Tuesday, July 11, 2006

Pink Floyd's crazy diamond dead at 60 (Updated below)

Yes, Syd Barrett, one of the founding members of Pink Floyd has died. This means a lot to me since Pink Floyd was my favorite band from high school through college and beyond. Even now, when I hear Pink Floyd songs I am moved in a very very particular way. It all started when my sister gave me her warped copy of "Dark Side of the Moon" (post-Barrett). It took me awhile, but it gradually replaced Def Leppard to become my most listened to album and band. First I got hooked on "Money" and then the rest of the album followed, which led me to many other Floyd discoveries.

Actually, in 6th grade we used to all plug into the tape recorder in the library and listen to "Another Brick in the Wall" over and over again: "We don't need no education. We don't need no thought control." And so I went on to get a Ph.D. Go figure?

The AP article by Jill Lawless--an appropriate name--has a particularly egregious error, which sooner or later will be corrected:
Barrett co-founded Pink Floyd in 1965 with David Gilmour, Nick Mason and Rick Wright, and wrote many of the band's early songs. The group's jazz-infused rock made them darlings of the London psychedelic scene, and the 1967 album "The Piper at the Gates of Dawn" — largely written by Barrett, who also played guitar — was a commercial and critical hit.

However, Barrett suffered from mental instability, exacerbated by his use of LSD. His behavior grew increasingly erratic, and he left the group in 1968 — five years before the release of Pink Floyd's most popular album, "Dark Side of the Moon." He was replaced by David Gilmour.
Floyd fans already caught it; the rest of you are in the dark. The article does not include Roger Waters as one of the founding members, and nowhere even mentions his name. Instead, David Gilmour is both one of the founding members and Syd's replacement. This is a shame.

Update: I also posted this at Daily Kos and got a lot of interesting comments. It was amazing how fast the comments multiplied. I think there are a lot of progressive Pink Floyd fans out there. Almost 200 people voted in the poll I posted there. Check out the results.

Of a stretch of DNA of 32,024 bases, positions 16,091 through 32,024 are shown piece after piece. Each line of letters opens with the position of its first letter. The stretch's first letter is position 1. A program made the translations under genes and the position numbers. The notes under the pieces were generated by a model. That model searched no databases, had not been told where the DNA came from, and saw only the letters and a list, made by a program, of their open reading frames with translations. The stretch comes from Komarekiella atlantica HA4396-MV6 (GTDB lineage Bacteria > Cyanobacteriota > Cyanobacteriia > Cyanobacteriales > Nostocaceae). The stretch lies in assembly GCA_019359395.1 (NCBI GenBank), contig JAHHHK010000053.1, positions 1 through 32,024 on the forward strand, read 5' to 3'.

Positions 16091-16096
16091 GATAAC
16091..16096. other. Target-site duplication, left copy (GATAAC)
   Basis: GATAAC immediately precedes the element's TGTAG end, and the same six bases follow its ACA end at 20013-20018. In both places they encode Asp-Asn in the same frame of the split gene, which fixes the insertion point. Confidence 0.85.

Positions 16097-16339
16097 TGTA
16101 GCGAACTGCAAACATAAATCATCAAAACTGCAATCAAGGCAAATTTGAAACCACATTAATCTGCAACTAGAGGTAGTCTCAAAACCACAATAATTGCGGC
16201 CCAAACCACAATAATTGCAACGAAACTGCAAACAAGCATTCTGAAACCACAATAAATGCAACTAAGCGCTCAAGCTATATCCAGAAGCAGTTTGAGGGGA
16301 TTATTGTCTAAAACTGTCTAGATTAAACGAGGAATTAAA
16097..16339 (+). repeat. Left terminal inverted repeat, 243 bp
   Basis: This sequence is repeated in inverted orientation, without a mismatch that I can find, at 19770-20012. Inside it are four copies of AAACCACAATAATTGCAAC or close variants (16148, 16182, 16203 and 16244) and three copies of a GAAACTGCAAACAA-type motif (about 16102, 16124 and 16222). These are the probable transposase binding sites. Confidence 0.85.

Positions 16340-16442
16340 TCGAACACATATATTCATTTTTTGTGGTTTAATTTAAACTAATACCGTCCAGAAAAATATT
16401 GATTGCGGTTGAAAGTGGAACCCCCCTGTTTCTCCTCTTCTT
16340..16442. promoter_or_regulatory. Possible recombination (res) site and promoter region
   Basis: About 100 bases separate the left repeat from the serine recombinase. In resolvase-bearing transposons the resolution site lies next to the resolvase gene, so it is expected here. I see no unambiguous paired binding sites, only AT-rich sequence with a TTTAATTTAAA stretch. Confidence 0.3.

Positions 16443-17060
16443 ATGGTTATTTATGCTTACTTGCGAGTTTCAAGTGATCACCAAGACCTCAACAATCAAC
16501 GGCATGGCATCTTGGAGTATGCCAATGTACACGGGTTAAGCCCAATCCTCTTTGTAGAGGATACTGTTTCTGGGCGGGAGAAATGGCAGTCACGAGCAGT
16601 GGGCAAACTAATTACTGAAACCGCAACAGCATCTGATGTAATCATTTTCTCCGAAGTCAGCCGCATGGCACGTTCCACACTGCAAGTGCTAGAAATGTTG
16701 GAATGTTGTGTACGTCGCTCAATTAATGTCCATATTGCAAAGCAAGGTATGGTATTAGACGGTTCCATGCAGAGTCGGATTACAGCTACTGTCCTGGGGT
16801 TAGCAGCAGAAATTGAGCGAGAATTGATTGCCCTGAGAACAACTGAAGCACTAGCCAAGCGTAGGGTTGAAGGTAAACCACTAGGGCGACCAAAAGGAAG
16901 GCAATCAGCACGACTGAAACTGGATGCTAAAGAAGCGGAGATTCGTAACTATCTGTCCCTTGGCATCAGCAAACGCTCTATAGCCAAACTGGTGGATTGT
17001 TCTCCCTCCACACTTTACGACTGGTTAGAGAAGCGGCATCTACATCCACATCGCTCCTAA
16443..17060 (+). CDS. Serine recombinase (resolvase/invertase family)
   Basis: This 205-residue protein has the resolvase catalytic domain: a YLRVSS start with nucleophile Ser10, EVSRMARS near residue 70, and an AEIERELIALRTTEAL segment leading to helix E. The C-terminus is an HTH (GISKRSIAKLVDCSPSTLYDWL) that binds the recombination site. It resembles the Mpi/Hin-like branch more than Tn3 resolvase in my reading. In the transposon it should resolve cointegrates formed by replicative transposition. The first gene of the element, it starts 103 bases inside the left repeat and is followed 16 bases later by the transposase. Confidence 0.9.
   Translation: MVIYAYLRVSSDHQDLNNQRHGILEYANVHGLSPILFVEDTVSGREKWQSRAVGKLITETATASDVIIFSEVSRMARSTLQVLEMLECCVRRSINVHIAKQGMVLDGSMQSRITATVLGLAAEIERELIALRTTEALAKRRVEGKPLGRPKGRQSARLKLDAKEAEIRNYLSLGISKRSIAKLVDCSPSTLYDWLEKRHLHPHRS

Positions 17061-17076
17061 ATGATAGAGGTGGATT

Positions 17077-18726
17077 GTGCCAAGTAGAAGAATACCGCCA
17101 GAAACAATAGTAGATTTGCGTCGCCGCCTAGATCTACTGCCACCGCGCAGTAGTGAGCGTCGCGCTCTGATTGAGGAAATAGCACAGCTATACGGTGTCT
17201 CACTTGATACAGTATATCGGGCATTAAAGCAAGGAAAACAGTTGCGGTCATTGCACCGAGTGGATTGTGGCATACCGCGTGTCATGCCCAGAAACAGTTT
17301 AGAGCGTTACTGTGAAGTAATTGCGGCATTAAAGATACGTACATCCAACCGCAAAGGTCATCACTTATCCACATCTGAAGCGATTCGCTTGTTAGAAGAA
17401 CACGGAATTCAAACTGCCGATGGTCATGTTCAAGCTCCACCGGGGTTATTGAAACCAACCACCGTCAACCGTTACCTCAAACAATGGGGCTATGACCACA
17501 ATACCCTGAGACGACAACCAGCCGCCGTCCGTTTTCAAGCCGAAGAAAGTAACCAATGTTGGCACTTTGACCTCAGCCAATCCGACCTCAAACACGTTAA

Here is a corrected version of the AP article that mentions Roger Waters.

Adam Berstein pens a good piece on Syd in the Washington Post:
Roger Keith Barrett was born Jan. 6, 1946, in Cambridge, England, where his father was a university lecturer in pathology. He was drawn to jazz and blues early on, playing ukulele and later switching to guitar, and he hung out in music clubs. He took his nickname from a old Cambridge jazz drummer he knew, Sid Barrett, and used a "y" for effect.

Mr. Barrett was an indifferent art student in London when he joined his high school friend Waters in a rock band that included Mason and Wright. Mr. Barrett wrote many of the group's early songs, inspired mostly by prodigious drug use and an astronomical atlas he carried everywhere.

He also renamed the band, formerly the Screaming Abdabs, after two obscure American bluesmen, Pink Anderson and Floyd "Dipper Boy" Council.
It also has the nitty gritty on Syd's life after he left the band. Kind of tragic:
After brief hospitalization, Mr. Barrett was cared for by his mother, and he rarely left home. After his mother died in 1991, his health worsened, and his eyesight began to fail. He enjoyed gardening, however, and was said to be skillful at stuffing peppers.
The revised AP article adds this fascinating tidbit about Syd's later years:
He spent much of the rest of his life living quietly in his hometown of Cambridge, England, and reverting to his real name, Roger Barrett.
He was a familiar figure, often seen cycling or walking to the corner store, but rarely spoke to the fans and journalists who sought him out over the years.


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